Verulamium was the third-largest city in
Roman Britain. It was sited in the southwest of the modern city of St Albansin Hertfordshire. A large portion of the Roman city remains unexcavated, being now park and agricultural land, though much has been built upon (see below).
Before the Romans, it was known as
Verlamion, (meaning 'settlement above the marsh') the capital of the Catuvellaunitribe. The settlement was established by their leader Tasciovanus. In this pre-Roman form, it was among the first places in Britain recorded by name. It was built beside the River Ver.
The Roman settlement was granted the rank of "municipium" in c.
AD 50, meaning its citizens had all the rights of a citizen of Rome. It grew to a significant town, and as such received the attentions of Boudicaof the Iceniin AD 61, when Verulamium was sacked and burnt: the black ash layer has been recorded by archaeologists, thus confirming the Roman written record. It grew steadily —by the early 200s it covered an area of about 125 acres (0.5 km²), behind a deep ditch and wall.
Verulamium had a forum,
basilicaand a theatre, much of which were damaged during two fires, one in AD 155 and the other around AD 250. One of the few extant Roman inscriptions in Britain is found on the remnants of the forum; see Verulamium Forum inscription. The town was rebuilt in stone rather than timberat least twice over the next 150 years. Occupation by the Romans ended between 400 and 450.
There are a few remains of the Roman city visible, such as parts of the
city walls, a hypocauststill in situ under a mosaic floor and a theatre, which is on land belonging to the Earl of Gorehambury - as well as items in the Museum (below). More remains under the agricultural land nearby which had never been excavated were for a while seriously threatened by deep ploughing.
The city was quarried for building material when medieval St Albans was founded; indeed, much of Norman abbey was constructed from the remains of the Roman city, with Roman brick and stone visible. The modern city takes its name from Alban, a citizen of Verulamium, or Roman soldier, who was condemned to death in the 3rd century for sheltering a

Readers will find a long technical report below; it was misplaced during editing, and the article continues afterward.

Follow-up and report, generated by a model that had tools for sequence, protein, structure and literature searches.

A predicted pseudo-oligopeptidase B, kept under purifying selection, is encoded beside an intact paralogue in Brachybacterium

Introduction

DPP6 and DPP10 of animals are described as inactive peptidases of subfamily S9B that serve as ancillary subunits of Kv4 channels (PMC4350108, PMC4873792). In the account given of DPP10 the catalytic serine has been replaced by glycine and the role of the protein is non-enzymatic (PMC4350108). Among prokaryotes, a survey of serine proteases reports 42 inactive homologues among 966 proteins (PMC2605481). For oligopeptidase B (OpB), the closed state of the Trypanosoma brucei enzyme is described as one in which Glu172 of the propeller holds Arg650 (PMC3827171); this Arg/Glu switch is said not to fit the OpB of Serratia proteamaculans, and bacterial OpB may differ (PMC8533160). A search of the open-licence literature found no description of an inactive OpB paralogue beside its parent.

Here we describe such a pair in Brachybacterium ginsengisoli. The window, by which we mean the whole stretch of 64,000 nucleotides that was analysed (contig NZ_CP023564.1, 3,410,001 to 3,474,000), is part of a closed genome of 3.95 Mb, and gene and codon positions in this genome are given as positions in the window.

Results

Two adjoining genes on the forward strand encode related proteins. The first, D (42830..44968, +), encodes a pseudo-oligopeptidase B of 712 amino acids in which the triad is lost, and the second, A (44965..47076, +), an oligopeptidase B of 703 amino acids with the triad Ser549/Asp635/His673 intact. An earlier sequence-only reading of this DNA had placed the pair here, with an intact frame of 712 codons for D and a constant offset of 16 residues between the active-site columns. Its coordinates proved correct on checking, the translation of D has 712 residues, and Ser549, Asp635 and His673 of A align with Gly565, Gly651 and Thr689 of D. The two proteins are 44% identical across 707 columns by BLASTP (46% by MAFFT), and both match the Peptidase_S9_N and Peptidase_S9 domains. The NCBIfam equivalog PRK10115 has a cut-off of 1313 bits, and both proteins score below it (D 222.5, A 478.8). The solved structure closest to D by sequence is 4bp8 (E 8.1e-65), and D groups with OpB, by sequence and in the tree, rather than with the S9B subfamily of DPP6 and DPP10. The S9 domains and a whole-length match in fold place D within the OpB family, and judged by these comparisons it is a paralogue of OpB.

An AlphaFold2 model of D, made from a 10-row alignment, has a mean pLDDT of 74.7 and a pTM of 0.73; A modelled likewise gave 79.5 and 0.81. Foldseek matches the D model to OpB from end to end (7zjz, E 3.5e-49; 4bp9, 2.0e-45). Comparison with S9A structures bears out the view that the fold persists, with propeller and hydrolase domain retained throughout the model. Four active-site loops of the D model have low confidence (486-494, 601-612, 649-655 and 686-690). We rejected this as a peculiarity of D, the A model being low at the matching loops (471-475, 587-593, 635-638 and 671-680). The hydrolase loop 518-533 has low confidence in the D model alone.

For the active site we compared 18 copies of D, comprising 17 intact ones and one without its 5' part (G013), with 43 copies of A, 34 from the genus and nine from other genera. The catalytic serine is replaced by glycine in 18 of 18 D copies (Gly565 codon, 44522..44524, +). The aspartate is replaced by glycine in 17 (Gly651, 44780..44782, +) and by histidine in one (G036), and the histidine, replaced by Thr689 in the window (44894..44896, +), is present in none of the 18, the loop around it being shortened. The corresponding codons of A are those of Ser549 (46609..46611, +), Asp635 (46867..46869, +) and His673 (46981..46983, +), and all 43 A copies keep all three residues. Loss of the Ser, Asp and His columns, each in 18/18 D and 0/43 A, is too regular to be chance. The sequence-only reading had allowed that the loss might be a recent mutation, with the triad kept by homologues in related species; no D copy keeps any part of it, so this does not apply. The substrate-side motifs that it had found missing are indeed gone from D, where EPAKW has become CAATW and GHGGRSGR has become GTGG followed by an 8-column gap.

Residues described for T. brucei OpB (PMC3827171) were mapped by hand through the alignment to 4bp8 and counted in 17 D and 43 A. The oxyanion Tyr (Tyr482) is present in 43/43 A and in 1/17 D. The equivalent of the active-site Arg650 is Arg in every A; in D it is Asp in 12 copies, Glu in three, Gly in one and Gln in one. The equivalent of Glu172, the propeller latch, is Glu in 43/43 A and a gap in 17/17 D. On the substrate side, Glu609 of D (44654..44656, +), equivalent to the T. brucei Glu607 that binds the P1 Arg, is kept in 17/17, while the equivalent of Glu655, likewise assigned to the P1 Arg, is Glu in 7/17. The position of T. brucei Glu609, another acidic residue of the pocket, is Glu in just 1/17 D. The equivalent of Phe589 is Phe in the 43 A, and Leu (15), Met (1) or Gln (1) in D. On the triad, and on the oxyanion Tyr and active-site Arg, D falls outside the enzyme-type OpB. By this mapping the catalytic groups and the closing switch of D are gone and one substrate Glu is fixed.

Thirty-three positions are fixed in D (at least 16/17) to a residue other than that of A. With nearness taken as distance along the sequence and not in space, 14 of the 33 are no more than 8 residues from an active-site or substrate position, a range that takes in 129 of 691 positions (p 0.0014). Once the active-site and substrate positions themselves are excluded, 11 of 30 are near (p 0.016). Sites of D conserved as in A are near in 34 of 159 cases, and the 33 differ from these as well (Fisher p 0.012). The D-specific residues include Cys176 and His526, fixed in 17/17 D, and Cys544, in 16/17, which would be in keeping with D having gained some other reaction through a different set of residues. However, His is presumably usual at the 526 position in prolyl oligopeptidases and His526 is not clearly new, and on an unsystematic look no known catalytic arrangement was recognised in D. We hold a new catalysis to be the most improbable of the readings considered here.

Christian. Alban was converted by him to Christianity, and by his death became the first British Christian martyr.
There is a museum in
Verulamium Park(adjacent to St Michael's Church) which contains much information about the town, both as a Roman and Iron Agesettlement, plus Roman history in general. The museum was established following the excavations carried out by Mortimer Wheeler and his wife Tess Wheeler. It is noted for the large and colourful mosaics, and many other artefacts such as pottery, jewellery, tools and coins from the Roman period. Many were found in formal excavations but some, particularly a coffinstill containing a male skeleton, were unearthed nearby during building work. It is considered one of the best museums of Roman history in the country and has won an architectural award for its striking domed entrance.
Since much of the modern city and its environs is built over Roman remains, it is still not uncommon to unearth Roman artefacts several miles away. A complete tile
kilnwas found in Park Street some six miles from Verulamium in the 1970s, and there is a Roman mausoleum in Rothamstead Park five miles away.
Within the walls of Verulam, which he took for the name of his Barony, Sir
Francis Bacon, the essayist and statesman, built a refined small house that was thoroughly described by the 17th century diarist John Aubrey; no trace of it is left, but Aubrey noted "At Verulam is to be seen, in some few places, some remains of the wall of this Citie" (see the illustration).
asteroid 4206 Verulamiumwas named in honour of the ancient city.
Wikimedia Foundation. 2010.
Look at other dictionaries:
Verulamium — fue la tercera ciudad en importancia durante el periodo de ocupación romana de Inglaterra. Sus restos se encuentran junto a la actual ciudad de St Albans en el condado de Hertfordshire, en un terreno agrícola. Restos de la muralla de la ciudad de … Wikipedia Español
Verulamium — Verulamium, so v. w. Verolamium … Pierer's Universal-Lexikon
Verulamĭum — Verulamĭum, s. Saint Albans 1) … Meyers Großes Konversations-Lexikon
Verulamium — fue la tercera ciudad en importancia durante el periodo de ocupación romana de Inglaterra. Sus restos se encuentran junto a la actual ciudad de Saint Albans en el condado de Hertfordshire, en un terreno agrícola. Antes de los romanos, la ciudad… … Enciclopedia Universal
VERULAMIUM — vulgo Werlan, locus in Anglia olim celebris, ubi postmodum monasterium S. Albani conditum. Hîc Synodus, A. C. 446. contra Pelagianos, et ab Offa Merciorum Rege A. C. 793. et 794. concilia celebrata sunt … Hofmann J. Lexicon universale
Verulamium — Reste der Stadtmauern Detail einer Wandmalerei aus einer der Wo … Deutsch Wikipedia
Verulamium — 51° 45′ 00″ N 0° 21′ 14″ W / 51.75, 0.353889 … Wikipédia en Français
Verulamium — /ver yoo lay mee euhm/, n. ancient name of St. Albans. * * * ▪ ancient city, England, United Kingdom also called (Celtic) Verlamio or Verlamion pre Roman and Romano British town in the territory of the Catuvellauni, across the River Ver … Universalium
Verulamium — /vɛrəˈleɪmiəm/ (say veruh laymeeuhm) noun ancient name of St Albans … Australian English dictionary
Verulamium — /ver yoo lay mee euhm/, n. ancient name of St. Albans … Useful english dictionary